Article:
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From Rooftops And Abandoned Lots, An Urban Harvest

From rooftop apiaries in Paris to a vegetable-and-chicken farm in Philadelphia, agriculture has come to the city. Urban farmer Mary Seton Corboy and food writer Jennifer Cockrall-King talk about the future of food in the city. Plus, Tama Matsuoka Wong gives tasty tips for eating garden weeds.
NPR

Trash Can May Be Greenest Option For Unused Drugs

Drug take-back programs are gaining popularity as a safe way to dispose of extra prescriptions. But a study from the University of Michigan suggests that chucking them in your household trash may be just as safe and more environmentally-friendly, thanks to reduced overall pollution.
NPR

NASA, SpaceX Aim To Launch Private Era In Orbit

If all goes well, an unmanned capsule will become the first commercial spacecraft to visit the International Space Station. SpaceX and NASA have been working together to make this launch happen, navigating cultural differences between the young startup and the veteran agency.
NPR

Pennsylvania Doctors Worry Over Fracking 'Gag Rule'

A new law grants doctors access to information about trade-secret chemicals used in natural gas drilling. Doctors say they need the information to treat patients who may have been exposed to chemicals. But the law also says doctors can't tell anyone else — not even other doctors — about what's in the formulas.
NPR

Ancient Deep-Sea Bacteria Are In No Hurry To Eat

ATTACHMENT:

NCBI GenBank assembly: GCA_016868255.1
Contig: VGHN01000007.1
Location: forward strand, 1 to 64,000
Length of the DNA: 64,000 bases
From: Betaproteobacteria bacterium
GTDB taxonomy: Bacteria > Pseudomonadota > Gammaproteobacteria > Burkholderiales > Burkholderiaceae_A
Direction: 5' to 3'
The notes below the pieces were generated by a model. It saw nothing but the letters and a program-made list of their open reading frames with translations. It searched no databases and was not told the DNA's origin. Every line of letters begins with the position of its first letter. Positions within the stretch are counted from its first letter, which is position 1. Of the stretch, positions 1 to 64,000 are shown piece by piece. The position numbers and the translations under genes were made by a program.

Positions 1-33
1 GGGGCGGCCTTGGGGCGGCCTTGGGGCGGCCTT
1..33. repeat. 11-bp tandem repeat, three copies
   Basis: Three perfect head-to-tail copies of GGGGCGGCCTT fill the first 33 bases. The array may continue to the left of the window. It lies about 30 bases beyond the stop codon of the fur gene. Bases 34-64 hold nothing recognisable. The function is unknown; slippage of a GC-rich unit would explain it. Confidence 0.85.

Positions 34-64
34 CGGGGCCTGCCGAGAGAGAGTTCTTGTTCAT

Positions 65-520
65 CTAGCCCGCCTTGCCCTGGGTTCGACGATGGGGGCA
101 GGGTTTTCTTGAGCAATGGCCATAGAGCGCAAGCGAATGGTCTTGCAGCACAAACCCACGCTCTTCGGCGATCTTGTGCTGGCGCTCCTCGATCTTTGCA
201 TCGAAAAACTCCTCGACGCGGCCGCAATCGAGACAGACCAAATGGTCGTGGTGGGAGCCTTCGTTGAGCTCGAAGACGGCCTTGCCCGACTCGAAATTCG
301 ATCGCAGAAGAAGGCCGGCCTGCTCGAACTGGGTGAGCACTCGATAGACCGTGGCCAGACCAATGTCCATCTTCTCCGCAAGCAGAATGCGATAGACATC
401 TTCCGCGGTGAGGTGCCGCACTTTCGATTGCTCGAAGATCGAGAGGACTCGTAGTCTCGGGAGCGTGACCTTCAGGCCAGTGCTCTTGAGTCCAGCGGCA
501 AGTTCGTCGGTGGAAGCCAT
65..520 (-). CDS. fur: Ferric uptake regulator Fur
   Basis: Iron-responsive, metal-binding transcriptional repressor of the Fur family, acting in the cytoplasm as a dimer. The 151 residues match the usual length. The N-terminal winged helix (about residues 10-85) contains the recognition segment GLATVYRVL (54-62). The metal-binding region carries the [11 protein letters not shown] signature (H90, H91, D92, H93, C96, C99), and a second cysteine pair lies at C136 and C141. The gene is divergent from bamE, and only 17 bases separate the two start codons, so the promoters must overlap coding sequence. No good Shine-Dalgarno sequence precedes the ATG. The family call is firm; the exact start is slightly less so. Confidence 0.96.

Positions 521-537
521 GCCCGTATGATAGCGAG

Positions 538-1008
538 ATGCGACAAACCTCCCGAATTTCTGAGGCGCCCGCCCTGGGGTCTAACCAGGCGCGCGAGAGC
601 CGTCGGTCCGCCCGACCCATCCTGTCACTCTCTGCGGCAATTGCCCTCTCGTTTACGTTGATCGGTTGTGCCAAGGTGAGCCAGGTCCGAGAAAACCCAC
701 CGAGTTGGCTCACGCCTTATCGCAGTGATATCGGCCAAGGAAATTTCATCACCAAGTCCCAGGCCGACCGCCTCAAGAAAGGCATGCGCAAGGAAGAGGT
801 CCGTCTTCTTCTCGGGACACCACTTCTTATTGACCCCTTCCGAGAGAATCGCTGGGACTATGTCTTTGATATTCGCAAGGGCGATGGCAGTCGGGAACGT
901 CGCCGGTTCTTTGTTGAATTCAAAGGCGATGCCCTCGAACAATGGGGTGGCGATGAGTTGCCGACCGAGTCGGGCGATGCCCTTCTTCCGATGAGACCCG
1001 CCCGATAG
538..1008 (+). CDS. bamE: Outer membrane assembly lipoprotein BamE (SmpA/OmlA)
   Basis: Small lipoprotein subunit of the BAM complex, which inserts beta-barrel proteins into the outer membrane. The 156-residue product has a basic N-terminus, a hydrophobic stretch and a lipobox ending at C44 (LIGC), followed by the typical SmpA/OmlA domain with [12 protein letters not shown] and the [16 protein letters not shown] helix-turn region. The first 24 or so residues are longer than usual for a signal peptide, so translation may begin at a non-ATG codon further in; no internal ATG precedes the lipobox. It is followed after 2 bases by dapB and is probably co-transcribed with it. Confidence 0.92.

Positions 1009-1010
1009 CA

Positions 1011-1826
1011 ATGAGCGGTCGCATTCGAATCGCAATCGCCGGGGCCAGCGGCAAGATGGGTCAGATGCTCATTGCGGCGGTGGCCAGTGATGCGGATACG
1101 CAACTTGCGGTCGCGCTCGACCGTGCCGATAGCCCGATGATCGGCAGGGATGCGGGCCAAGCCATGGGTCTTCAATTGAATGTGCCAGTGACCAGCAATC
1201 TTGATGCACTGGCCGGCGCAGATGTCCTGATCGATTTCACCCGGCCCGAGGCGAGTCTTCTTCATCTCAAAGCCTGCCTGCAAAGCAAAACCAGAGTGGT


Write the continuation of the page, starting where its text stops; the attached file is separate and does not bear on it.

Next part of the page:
Back when the dinosaurs ruled the Earth, some hardy bacteria took up residence at the bottom of the Pacific Ocean. Eighty six million years later, they're still there. And a new study says they're living out the most Spartan lifestyle known on this planet.
NPR

Bigger, Blander, Blegh: Why Are Strawberries Worse?

Melissa Block talks with Marvin Pritts, a Cornell horticulture professor, about why store-bought strawberries aren't as tasty as the ones you might pick on your own.
NPR

New Brain Sensor Lets Amputees Move Robotic Limbs

Robert Siegel speaks with Dr. Leigh Hochberg, neurologist and engineer at Brown University and the VA Medical Center in Providence, R.I. Hochberg is the lead author of a new study that looks at how paralyzed people are able to move robotic arms with their thoughts, due to a microchip that is implanted in their brains that sends neural signals to a computer.

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